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  • 4 months ago


    Thanks, Ben, very nice!!

  • 7 months ago


    Nobody puts baby in the corner! Classic homes.

  • 7 months ago


    Very inspiring with prep.

  • 17 months ago


    Instructive :)  Thank you, GM Finegold! :) 

  • 2 years ago


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  • 2 years ago


    There used to be adjourned games -- usually after a 5-hour session, around 40 moves.  Result?  The use of seconds, endgame manuals -whatever - to analyze the adjourned position before the game resumed.

    Well,  these adjourned games are a thing of the past,  along with aided home analysis.  But instead we have computers,  and the consequent emphasis on opening prep.  Everything changes,  yet nothing really changes!

    I kinda sympathize with players at the top levels.  With so many computer-assisted,  deeply-analyzed lines (often 30 or more moves!), they have a lot more work to do to stay up-to-date.  For duffers like me all that labor would be waste of time.  Another example of computers making more work, not saving it!

    An interesting video,  and interesting endgame.  It's easy to mess this kind of situation up!

  • 2 years ago


    I know some people don't like such "computery" prep, but it is an essential part of the game now.

    I really like this series because I also vary my openings constantly and consistently surprise my opponents with my prep...the only problem is that I proceed to flub games sometimes. A couple of years ago I prepped the first 25 moves of a Najdorf English Attack as Black against a master, got that position, and then got a winning position 3 moves later...only to misplay it, then turn down an available perpetual, and lose in 5 1/2 hours. Ugh.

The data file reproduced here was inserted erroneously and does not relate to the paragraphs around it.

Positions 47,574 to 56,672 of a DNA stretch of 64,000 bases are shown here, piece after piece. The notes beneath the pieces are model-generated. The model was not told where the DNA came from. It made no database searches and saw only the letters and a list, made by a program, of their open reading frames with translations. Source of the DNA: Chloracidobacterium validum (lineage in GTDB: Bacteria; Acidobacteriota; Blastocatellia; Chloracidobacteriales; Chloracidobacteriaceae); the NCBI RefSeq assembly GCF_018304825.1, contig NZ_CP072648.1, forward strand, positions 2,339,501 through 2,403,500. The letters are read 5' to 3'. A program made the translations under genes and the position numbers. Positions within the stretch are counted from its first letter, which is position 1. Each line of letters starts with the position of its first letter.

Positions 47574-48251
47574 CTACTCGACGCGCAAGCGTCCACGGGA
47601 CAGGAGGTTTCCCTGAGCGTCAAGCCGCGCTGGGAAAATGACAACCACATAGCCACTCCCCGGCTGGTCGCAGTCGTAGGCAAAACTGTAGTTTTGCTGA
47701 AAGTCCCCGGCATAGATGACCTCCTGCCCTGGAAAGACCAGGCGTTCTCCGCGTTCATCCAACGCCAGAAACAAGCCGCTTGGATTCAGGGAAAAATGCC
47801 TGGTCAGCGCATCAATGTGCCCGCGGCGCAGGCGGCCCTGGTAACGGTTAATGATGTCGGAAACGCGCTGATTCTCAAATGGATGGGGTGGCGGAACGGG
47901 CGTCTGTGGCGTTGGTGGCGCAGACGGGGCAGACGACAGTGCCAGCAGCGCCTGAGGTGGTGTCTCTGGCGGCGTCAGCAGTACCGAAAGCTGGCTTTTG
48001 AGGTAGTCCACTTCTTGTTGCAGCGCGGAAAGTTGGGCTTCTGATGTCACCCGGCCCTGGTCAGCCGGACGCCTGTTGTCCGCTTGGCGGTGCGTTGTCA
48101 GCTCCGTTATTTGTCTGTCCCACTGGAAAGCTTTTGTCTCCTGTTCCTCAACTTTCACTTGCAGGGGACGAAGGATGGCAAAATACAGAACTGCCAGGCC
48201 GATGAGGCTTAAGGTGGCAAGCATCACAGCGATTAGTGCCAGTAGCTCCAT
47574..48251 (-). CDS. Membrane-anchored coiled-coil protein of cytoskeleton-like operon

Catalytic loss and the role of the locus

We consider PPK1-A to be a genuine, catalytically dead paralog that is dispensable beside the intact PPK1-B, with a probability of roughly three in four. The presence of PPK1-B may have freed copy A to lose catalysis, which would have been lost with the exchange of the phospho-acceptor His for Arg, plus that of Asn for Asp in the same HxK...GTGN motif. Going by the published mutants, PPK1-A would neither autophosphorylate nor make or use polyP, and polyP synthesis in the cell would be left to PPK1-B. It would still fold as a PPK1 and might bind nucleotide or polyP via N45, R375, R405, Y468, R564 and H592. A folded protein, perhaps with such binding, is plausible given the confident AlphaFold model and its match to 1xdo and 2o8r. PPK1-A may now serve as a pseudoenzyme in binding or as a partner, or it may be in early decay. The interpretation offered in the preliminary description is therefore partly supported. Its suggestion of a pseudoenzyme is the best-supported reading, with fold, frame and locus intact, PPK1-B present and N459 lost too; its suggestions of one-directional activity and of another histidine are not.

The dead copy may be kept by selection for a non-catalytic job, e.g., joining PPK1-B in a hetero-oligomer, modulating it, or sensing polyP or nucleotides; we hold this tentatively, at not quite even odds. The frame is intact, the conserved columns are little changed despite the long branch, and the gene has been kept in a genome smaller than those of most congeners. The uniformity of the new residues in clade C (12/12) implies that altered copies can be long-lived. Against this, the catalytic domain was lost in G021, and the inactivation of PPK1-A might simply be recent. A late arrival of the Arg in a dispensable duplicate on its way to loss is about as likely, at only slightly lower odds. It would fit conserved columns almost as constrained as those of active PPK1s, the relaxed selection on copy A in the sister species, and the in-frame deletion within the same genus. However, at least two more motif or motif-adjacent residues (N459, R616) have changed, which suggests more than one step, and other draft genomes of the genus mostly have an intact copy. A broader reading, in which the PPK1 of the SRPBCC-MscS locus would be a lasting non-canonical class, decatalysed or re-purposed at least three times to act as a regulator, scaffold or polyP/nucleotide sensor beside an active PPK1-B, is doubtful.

On the other hand I once faced a 2300 as Black and prepped an almost never-seen line of the Slav. Even after he burned loads of time I was winning by move 10. At one point I found a move (over the board!) that improved on one of Evgeny Najer's games! Fortunately, I did convert that one.

    So yeah, do your prep!

    A lot of strong, even titled, players don't prepare enough (by their own admission), so try to get every advantage you can. Keep a database of opening ideas that you have seen somewhere and also those that you have analyzed with Houdini.

    Even in swisses, I bring my laptop and prepare for the games. I'm not worried about losing 15-20 minutes in a 6-hour game. I save that time and then some right in the opening.

  • 2 years ago


    This was some Fine preparation indeed! Great video Cool

  • 2 years ago


    i really hate playing white against the sicilian but this video gives me something new to try . thanks very much

  • 2 years ago


    A case of mutual blindness.

    I find it surprisng that Esserman didn't see the Kh1 maneuver.

    He thought that Rb2 was a draw on general grounds - 2 rooks on the 7th can force mate or perpetual check, but only if none of the checking files is defended. It wouldn't be a problem if he had a tempo to play the "quiet" move Rg2-b2 and threaten mate, but he's himself under threat of mate so it doesn't work.

    He doesn't have all the files and he doesn't have a tempo : that's it.

    I guess he'd have found the saving resource Rb4 otherwise.

    Interestingly, I believe Tiviakov in a recent game of the German League took with the queen an beat WC Anand himself...

  • 2 years ago



  • 2 years ago


    Interesting video!

  • 2 years ago


    Good video Ben.  Very helpful. Look forward to your next one.


  • 2 years ago


    Carlsen takes with the Queen too. He plays the Checkover occasionally

  • 2 years ago


    Thanks so much, Ben, this was really great!

  • 2 years ago


    Hey dude, I really enjoyed this vid. Definitely make more.

  • 2 years ago


    So preparation just involves regurgitating computer moves?

  • 2 years ago


    Nice video ! Nice preparation . So looks like if you go in to unknown variation - try not to play main lines ;)

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